Mark Pope, a past president of ACA, NCDA and the Association for Lesbian, Gay, Bisexual and Transgender Issues in Counseling, remembers Herr’s support and guidance as editor of JCD. Pope submitted a piece to the journal on including lesbian, gay, bisexual and transgender issues in the definition of multiculturalism, which Herr accepted and published.
“His mentorship during that process was so important to me, as here was one of the most important leaders of our profession being so supportive of sexual minority issues inclusion in our professional literature” before it was widely accepted, Pope said. “That long-term historic vision was his trademark, and to have his acceptance of both my manuscript and me cemented my decision about our profession and the role that I might play at the nexus of career and multicultural counseling. He is already missed, but his work — scholarship, leadership and mentoring — carries on in all of us whose lives he touched along the way.”
Herr began teaching at Penn State in 1968 and retired in 2003 as distinguished professor emeritus of education (counselor education and counseling psychology) and associate dean emeritus of the College of Education. He also did extensive work overseas throughout his career, serving as a visiting professor and doing research or participating in professional conferences and training workshops in Canada, Europe, Africa and throughout Asia.
Although Herr had a career marked by success and leadership, he never lost touch with his beginnings in labor-intensive professions. Prior to becoming a counselor and professor, he worked in a shoe factory, as a jackhammer operator and construction laborer, as a dishwasher in a college dining hall, as a mail sorter for the U.S. Postal Service and in other labor and service-oriented positions.
Those experiences not only instilled a strong work ethic in Herr but also helped develop his sense of empathy and drive to advocate for unskilled and semiskilled workers throughout his life and career, according to Engels, Niles and others.
Herr also served in the Air National Guard, the U.S. Air Force and the Air Force Reserve throughout the 1950s and 1960s. Outside of his professional life, Herr played the trumpet in several community bands and was an active member of St. Paul’s United Methodist Church in State College, Pennsylvania.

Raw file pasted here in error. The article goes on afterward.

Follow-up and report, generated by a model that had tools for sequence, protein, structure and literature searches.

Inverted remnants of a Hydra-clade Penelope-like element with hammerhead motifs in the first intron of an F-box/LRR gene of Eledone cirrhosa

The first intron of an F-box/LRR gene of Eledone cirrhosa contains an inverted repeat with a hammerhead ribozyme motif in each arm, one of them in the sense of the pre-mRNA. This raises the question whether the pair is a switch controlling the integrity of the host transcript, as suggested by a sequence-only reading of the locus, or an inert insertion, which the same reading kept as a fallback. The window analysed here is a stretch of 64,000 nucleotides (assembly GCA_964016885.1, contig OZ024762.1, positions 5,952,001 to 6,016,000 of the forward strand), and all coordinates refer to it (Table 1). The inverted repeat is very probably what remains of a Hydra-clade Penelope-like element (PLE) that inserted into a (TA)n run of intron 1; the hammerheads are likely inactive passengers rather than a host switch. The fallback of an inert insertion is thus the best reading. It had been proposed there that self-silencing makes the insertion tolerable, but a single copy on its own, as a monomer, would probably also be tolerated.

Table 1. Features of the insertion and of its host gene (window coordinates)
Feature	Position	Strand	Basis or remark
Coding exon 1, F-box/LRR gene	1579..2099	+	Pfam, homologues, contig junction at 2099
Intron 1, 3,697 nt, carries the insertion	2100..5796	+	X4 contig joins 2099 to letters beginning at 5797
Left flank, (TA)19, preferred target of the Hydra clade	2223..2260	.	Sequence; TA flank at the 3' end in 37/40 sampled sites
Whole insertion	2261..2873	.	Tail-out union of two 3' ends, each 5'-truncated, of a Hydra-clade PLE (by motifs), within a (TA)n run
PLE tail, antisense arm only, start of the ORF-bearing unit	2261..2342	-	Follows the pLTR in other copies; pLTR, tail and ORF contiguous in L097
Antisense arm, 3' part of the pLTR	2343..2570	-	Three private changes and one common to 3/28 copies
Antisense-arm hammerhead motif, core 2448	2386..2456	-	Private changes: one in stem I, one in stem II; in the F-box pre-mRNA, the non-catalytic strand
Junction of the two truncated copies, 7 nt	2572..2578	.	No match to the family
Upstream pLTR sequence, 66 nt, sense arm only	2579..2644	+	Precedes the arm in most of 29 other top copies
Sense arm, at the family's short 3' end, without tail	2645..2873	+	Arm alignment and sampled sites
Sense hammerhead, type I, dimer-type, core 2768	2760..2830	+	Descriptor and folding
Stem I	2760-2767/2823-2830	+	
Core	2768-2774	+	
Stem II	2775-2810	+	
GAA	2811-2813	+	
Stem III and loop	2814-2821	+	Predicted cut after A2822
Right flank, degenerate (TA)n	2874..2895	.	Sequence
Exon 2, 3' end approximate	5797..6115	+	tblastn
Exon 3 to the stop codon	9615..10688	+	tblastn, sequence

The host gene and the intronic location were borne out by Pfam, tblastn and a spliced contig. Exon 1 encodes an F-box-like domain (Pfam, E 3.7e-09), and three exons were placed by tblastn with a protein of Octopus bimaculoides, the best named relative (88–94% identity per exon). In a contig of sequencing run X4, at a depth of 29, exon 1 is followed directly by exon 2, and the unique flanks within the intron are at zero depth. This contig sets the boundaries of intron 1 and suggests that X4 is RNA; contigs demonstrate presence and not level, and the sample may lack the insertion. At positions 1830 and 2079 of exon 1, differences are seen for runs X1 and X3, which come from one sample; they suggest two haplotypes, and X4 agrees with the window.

Herr passed away at the Foxdale Village retirement community in State College. He is survived by his wife of more than 50 years, Patricia; three children, Amber, Christopher and Alicia, and their respective spouses; and five grandchildren. A funeral was held April 30.
“While I always knew how lucky I was to have Ed as my closest mentor, as of [his death], I have become even more keenly aware of how fortunate I have been for the past three decades. He made all the difference in my career,” said Niles, a past editor of JCD. “I just don’t know yet how I will move forward without being able to rely upon his good counsel and great wisdom. The even more amazing thing about this is that I know that, today, there are many, many others feeling the exact same way.”
In lieu of flowers, memorial contributions may be directed to:
• The Edwin L. Herr Scholarship for the Education of Counselors through the College of Education at Penn State University, Penn State University, c/o College of Education, 247 Chambers Building, University Park, PA 16802
• The Edwin L. Herr Fellowship for Excellence in Counseling Leadership and Scholarship through Chi Sigma Iota, Chi Sigma Iota, P.O. Box 1829, Thomasville, NC 27360
• The Edwin L. Herr Counselor Education Fellowship to Study Abroad at Shippensburg University, 1871 Old Main Drive, Shippensburg, PA 17257
• The Edwin Herr and Edgar Farmer Research Enhancement Fund
College of Education at Penn State University, c/o College of Education, 247 Chambers Building. University Park, PA 16802
If you’d like to share a memory or favorite story about Ed Herr with the Herr family, email Chris Herr at email@example.com
Photo credit: Pennsylvania State University